A Special Olympics Gold Medal in Stupid and Tasteless Remarks
Still, it was a wildly inappropriate thing to say, especially coming from a man who's been lauded as the oratorical love child of Abraham Lincoln and JFK. Of course, those who have yet to imbibe the Obama Kool-Aid know different. During his time on the campaign trail and his few weeks in office, Obama has racked up almost as many gaffes as President Bush managed in eight years.
Their blunders are generally of a different order. Bush is genuinely tongue-tied, mangling his syntax and mispronouncing names; Obama, on the other hand, usually says exactly what he means, but with an apparent disregard for how his words will be interpreted. He delivers thoughtless or inaccurate statements flawlessly, as when he said he wouldn't want his daughters to be "punished with a baby" or when he claimed American forces in Afghanistan were "just air-raiding villages and killing civilians."
Many conservatives have rightly pointed out that if President Bush had made the Special Olympics remark, he would have received far harsher and enduring criticism that the mild finger-wagging that's been directed at Obama. At the Huffington Post, for example, only around a quarter of respondents to a poll believe Obama's remarks were "a tasteless comment that he should not have said, period." The other 75% either excused the remark or think we shouldn't even be talking about it. Imagine the lynch mob that would have assembled there had George Bush said the same thing.
While commentators are starting to note Obama's propensity for gaffes, there's no danger of him ever being subject to the ridicule that was directed at Bush. But there's not much use in conservatives complaining. The double standard applied when reporting on the mistakes and foibles of Republicans and Democrats is deeply ingrained in America's media and political culture, and denying that such a double standard exists is key to its maintenance. Conservatives getting worked up about Obama's latest faux pas will find themselves talking mostly to each other.
The president was also fortunate in that he offended a group that tends not to unleash violent mobs in response to every real or imagined slight and that is well down the pecking order when it comes to winning the sympathy of the media, the grievance industry, and liberal received wisdom in general. (The pecking order, if you weren't aware, goes race, sexual orientation, gender -- with the rest left to fight it out for attention and representation.) If fact, the more extreme elements of those groups would prefer that disabled children were never born and would like to see many disabled adults euthanized, lest they detract from the utopia the leftists have in mind for us.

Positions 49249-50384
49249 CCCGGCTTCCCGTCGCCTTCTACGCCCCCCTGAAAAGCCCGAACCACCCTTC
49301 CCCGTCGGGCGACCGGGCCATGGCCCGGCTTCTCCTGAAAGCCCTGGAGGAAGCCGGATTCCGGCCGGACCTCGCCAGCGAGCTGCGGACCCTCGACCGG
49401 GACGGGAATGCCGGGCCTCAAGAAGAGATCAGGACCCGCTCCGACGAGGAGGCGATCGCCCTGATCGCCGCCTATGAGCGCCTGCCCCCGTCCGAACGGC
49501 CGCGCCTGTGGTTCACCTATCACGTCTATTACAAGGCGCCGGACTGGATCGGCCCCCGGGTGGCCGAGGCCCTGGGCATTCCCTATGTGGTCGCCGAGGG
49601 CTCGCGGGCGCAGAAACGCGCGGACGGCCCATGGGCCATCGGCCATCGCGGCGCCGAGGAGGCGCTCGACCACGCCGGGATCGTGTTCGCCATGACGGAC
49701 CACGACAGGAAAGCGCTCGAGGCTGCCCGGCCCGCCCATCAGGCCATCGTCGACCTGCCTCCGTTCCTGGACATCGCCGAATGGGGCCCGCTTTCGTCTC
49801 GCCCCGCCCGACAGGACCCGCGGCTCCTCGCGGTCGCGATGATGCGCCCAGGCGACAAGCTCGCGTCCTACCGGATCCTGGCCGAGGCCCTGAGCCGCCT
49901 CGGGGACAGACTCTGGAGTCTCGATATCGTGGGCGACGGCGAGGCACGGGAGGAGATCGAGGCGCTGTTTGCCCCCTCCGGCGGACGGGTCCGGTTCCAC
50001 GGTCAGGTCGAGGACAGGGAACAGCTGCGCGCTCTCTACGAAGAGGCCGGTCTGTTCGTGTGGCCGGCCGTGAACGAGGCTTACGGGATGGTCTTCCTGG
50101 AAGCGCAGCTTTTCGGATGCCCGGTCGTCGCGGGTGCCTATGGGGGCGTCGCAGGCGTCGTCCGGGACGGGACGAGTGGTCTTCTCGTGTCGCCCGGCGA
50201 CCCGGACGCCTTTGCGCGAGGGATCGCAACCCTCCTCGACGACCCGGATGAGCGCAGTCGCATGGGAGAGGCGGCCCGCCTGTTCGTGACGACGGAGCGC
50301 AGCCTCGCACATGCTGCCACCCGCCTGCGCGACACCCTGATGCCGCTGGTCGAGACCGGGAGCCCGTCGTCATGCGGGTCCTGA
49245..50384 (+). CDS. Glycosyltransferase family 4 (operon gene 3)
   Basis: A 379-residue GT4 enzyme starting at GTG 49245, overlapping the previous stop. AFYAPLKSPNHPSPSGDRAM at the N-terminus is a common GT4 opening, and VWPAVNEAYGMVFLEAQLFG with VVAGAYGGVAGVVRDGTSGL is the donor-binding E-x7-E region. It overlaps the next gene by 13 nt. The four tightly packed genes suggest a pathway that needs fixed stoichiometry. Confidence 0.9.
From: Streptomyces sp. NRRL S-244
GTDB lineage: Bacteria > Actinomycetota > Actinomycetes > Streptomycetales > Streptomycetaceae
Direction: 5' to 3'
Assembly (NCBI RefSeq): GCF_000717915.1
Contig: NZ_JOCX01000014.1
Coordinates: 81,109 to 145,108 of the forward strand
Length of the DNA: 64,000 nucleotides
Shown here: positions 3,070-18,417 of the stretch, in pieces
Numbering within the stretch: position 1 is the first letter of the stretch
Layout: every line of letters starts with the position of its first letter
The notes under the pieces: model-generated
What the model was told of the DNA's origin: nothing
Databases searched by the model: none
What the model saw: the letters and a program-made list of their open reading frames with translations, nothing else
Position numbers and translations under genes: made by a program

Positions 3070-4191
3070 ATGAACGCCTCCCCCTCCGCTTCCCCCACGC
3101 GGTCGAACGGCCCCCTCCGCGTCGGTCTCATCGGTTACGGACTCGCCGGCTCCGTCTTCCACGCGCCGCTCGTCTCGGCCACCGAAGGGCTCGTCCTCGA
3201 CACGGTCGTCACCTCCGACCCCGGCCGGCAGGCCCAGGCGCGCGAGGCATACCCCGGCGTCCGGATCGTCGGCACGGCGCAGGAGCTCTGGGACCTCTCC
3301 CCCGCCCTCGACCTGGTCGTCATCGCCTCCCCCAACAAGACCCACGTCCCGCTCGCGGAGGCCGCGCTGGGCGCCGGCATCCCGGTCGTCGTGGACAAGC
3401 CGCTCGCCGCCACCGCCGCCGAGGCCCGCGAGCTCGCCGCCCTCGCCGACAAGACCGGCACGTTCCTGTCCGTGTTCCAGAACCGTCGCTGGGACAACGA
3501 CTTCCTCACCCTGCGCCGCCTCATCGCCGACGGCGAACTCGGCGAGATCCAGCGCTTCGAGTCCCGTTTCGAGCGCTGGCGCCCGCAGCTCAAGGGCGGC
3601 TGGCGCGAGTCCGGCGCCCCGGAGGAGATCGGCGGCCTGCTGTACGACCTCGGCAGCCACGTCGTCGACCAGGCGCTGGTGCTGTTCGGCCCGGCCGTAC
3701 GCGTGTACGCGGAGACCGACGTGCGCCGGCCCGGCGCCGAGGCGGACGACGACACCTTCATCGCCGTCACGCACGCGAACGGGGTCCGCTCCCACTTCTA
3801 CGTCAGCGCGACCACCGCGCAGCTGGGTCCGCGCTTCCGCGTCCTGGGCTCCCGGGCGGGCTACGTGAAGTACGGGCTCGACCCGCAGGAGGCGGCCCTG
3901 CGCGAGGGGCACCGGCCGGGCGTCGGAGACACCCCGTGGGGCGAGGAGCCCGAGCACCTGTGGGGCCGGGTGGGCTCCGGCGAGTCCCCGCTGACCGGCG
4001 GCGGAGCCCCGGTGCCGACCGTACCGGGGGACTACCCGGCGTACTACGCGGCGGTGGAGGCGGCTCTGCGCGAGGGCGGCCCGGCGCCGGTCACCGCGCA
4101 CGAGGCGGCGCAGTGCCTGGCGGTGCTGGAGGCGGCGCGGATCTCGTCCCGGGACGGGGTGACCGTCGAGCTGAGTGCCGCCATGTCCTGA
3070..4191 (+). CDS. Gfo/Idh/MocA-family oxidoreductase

So while conservatives have enjoyed Obama's brief period of discomfort, there's much for them to feel aggrieved about as they watch him emerge more or less unscathed from the sort of episode that would have seriously damaged a lesser, more right-wing mortal (remember George Allen's "macaca" moment?). But it's important that they don't waste too much time and energy going after Obama for his slip and wallowing in the manufactured indignation so beloved of the left.
Remember how, during the election campaign, Obama and his team would attempt to play down stories that had the potential to cause real damage -- such as the revelations about Obama's relationships with the Reverend Wright and Bill Ayers -- by dismissing them as "distractions" from the "real issues facing Americans"? Well, the furor over the Special Olympics remark really is a distraction -- and one which could work in Obama's favor.
The row has generated a great deal of media coverage but caused little in the way of lasting damage to Obama. And he can turn it to his advantage by apologizing at every opportunity, by inviting disabled athletes to the White House for a photo-op, and perhaps even by taking up the challenge of a Special Olympics bowler. When he avoids insulting people, Obama does a pretty good line in self-deprecation, and he can reassure the American people that "Hey, I can be a real goofball sometimes, but that's as bad as it gets."
Because right now, nothing would make the president and his allies happier than for the Special Olympics gaffe to take up minutes at press conferences and hours and pages of news coverage, which might otherwise be devoted to the growing budget deficit, the alarming expansion of government, and the incompetence and dishonesty that have marked the first two months of the Obama regime. While that gaffe hurt and angered many people, it's a trivial matter next to the damage being inflicted on the country by Obama's administration and his Democrat cronies in Congress.
Conservatives need to save their harshest criticism of Obama for the biggest issues. But they can also take encouragement from the fact that, despite the media running defense on his behalf, the American people must be starting to realize that Obama is not the cool, composed, and effortlessly articulate operator his supporters in the media would have them believe. And having been disabused of that notion, perhaps they'll start to wonder about other aspects of the Obama myth. The emperor still has his clothes, but a few threads are beginning to unravel.
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